A CD arrived in the post recently with a request that I write a review; although I have previously received a variety of on-line queries, to actually be sent a physical copy was a first for me. I had absolutely no prior knowledge of the artist and consequently had no preconceptions; amongst the first things that I noticed on receipt of this CD:
Auburn – Indian Summer
Review by: Donald Strachan
Produced by: Auburn
a very striking portrait painting on the cover by Teresa Witz;
Eliza Carthy’s name amongst the contributing musicians;
the very memorable “Wow! What a Ride!” quote from Hunter S Thompson;
a ‘Gonzo’ production.
Although interesting, the combination of these things did little to help me; I sensed something slightly gothic about the painting and other graphics, I primarily associate Eliza Carthy with excellent folk music, and my main recollections of Hunter S Thompson are the two books ‘Hells’ Angels’ and ‘Fear And Loathing In Las Vegas’, and ‘gonzo’ journalism. No further forward there regarding what to expect, so I loaded the CD into the player and waited to hear what came out of the speakers.
Having listened to it a number of times now I still find it hard to categorise, and in my mind that is a very good thing indeed! I definitely liked what I heard and in many ways felt that I had been transported back to my youth as I found many of the tracks to be reminiscent of some of the music that I had enjoyed so much back in the mid 1970s. Yet this is no 70s ‘tribute act’, Auburn have succeeded in producing an album that deserves to be appreciated as an idiosyncratic delivery of a range of pleasing songs with thoughtful lyrics accompanied by sympathetic instrumentals.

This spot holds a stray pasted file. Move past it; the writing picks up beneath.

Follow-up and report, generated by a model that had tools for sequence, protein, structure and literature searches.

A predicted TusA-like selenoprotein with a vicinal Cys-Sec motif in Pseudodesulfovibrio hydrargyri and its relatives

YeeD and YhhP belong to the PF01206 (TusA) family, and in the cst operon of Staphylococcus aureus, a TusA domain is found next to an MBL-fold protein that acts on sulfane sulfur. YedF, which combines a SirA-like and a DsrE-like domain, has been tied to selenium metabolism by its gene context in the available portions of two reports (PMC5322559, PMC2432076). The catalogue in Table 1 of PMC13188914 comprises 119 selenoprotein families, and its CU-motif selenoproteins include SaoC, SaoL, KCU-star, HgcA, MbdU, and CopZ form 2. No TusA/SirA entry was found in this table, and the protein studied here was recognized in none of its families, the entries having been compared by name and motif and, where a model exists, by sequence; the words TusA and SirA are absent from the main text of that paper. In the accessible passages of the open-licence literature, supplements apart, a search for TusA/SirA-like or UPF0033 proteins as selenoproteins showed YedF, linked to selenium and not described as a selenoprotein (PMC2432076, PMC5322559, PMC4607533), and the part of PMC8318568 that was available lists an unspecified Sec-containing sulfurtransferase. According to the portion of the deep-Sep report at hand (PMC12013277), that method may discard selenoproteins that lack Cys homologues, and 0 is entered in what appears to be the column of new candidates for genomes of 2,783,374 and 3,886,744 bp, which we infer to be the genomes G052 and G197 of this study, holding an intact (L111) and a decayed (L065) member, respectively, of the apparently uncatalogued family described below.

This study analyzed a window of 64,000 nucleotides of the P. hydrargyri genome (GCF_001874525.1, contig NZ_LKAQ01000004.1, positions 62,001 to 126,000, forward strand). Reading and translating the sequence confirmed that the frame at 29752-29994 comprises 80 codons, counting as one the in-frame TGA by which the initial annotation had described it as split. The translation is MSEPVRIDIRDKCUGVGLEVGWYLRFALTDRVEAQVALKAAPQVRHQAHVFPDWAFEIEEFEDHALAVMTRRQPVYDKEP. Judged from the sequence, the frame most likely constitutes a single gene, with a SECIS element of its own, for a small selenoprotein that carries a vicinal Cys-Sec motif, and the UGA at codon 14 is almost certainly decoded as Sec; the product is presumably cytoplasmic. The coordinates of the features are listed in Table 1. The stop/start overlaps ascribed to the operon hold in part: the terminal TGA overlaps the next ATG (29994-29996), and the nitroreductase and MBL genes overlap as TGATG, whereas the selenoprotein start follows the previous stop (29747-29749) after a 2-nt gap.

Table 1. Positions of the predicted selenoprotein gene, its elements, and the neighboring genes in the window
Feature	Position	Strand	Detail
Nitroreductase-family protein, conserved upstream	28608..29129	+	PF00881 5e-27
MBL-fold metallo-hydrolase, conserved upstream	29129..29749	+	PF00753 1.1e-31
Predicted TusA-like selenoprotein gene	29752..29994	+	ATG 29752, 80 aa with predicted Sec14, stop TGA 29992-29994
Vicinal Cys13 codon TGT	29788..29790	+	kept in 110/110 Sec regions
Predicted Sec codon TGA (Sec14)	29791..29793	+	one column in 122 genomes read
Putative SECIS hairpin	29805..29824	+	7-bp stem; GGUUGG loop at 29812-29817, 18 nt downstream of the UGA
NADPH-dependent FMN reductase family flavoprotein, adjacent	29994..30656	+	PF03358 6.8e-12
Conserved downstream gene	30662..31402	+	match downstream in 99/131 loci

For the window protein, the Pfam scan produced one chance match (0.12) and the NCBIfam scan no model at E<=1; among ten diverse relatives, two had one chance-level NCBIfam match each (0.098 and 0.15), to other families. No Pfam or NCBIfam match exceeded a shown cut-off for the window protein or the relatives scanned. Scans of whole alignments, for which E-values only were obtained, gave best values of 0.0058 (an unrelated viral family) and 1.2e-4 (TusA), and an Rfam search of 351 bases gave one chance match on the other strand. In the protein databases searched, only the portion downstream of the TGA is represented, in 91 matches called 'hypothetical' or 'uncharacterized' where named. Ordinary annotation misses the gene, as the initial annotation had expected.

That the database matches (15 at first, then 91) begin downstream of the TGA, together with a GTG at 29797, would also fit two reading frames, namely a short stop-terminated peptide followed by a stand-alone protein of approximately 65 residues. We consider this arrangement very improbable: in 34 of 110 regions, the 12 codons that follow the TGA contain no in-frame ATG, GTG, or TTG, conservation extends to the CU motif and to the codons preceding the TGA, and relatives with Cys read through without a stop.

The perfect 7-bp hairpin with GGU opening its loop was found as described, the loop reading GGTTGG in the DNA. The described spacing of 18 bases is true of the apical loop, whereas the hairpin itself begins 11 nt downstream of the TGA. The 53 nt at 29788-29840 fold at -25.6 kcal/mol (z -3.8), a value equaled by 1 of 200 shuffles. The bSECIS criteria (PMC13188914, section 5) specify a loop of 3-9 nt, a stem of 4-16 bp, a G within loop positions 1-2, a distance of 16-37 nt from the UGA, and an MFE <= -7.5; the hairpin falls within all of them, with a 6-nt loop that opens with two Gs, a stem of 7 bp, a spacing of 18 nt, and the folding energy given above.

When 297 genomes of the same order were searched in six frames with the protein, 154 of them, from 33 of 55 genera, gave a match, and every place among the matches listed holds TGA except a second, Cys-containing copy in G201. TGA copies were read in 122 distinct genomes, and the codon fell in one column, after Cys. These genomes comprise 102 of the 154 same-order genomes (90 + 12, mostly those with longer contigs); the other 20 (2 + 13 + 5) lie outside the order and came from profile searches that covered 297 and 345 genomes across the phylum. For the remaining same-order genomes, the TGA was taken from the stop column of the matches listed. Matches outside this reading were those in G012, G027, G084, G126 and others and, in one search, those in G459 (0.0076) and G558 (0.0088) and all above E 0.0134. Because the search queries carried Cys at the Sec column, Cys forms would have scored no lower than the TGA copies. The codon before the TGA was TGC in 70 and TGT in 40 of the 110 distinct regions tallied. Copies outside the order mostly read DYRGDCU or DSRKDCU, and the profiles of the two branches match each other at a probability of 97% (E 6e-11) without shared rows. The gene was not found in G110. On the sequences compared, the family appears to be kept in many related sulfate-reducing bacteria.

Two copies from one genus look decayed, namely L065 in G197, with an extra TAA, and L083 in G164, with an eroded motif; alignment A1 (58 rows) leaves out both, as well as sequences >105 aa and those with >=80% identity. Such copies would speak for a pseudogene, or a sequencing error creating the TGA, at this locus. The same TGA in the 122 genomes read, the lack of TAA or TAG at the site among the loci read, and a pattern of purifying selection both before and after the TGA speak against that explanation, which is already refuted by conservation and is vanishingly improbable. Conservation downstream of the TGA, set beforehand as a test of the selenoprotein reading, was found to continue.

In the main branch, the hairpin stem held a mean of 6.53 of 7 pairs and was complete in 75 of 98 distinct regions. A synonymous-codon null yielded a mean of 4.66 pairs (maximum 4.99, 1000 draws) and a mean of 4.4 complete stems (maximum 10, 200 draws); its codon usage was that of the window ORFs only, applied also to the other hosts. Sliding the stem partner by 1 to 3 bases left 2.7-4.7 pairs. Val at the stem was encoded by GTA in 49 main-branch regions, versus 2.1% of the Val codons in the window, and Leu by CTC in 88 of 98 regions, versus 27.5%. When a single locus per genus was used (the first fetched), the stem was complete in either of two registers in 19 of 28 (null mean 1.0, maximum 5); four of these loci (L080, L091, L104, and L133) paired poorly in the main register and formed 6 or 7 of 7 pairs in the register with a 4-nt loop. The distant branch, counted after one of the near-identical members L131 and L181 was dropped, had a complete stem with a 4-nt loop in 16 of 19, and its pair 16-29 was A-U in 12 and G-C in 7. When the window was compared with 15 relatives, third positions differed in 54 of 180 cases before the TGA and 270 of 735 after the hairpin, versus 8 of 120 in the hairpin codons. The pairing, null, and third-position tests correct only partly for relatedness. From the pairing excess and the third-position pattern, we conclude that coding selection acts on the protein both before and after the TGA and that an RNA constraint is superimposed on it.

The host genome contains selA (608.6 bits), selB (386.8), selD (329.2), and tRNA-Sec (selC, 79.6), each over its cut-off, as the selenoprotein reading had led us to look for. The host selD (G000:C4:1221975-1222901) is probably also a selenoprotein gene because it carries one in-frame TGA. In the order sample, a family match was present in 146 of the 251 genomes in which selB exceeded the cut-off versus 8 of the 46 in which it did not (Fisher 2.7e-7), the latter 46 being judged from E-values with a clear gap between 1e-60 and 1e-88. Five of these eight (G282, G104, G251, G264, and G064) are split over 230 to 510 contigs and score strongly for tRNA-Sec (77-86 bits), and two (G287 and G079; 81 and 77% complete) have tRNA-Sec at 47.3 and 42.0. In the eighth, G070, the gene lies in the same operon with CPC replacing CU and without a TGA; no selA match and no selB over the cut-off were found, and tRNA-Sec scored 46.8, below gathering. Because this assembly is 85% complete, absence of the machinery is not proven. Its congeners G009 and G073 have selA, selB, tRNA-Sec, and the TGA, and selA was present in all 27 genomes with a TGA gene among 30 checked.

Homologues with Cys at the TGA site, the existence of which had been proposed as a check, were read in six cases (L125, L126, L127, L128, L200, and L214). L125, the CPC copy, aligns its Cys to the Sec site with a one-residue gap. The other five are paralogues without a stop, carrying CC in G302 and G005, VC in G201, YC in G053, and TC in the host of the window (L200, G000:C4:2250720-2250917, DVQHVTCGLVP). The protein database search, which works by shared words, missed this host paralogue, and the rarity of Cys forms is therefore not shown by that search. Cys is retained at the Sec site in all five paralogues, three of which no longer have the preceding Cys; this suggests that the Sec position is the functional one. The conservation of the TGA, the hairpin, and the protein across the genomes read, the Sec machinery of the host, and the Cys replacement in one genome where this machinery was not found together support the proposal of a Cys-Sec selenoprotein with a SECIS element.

The album is a vehicle for the songs sung by Liz Lenten and written by her in conjunction with Max Gilkes. It opens with ‘Shame On You’, a fairly upbeat tribute to ‘girls’ nights out’ and I immediately anticipated that more pleasing content would follow, I wasn’t disappointed.
In true retro style I can picture some of the songs going down very well in smoky basement clubs, particularly ‘All Come Back To You’, definitely a thing of the past with the advent of widespread public smoking bans. There are no hard rocking numbers here that rely on lots of electric instrumentation, there is a definite bias towards acoustic based tracks. The title track, Indian Summer’, is absolutely sublime and incorporates Latin hints with soothing lyrics; although in many ways it is completely different, I found myself recalling ‘Midnight At The Oasis’ when it was playing. It just seemed to be so right as I listened to it as I drove about in the sun. ‘Day Dreamin”, is a wonderful reggae orientated song, and an alternative dub interpretation of it is also included in the release.
There is a very delicate country treatment to the ‘Too Far From Home’ features Eliza Carthy’s violin playing alongside Rob Lewis’ cello, expertly complemented by the other excellent musicians. Max Gilkes contributes on piano and keyboards, on bass there is Jevon Beaumont with percussion provided by Willy Molleson and Wan Hewitt. Horseman adds drums on the dub version of ‘Day Dreamin” and Maddy Leather, Joe Leather, Joanne Louise Parker and Laura Vane join Liz, Max and Eliza to provide backing vocals.
One of the pervading joys is Liz Lenten’s voice; at times ethereal and wispy, at other times emotive and powerful, but always a joy; it is just so perfect in ‘This Is The Life’, one of the most laid back, yet inspirational anthems that I have come across in a long time. This album came to me completely out of the blue, I have a strong feeling that I probably wouldn’t have been drawn to it otherwise, but I am so grateful to have been introduced to it. It provides a wonderful opportunity to step back from the hustle and bustle of daily life and spend some magical moments.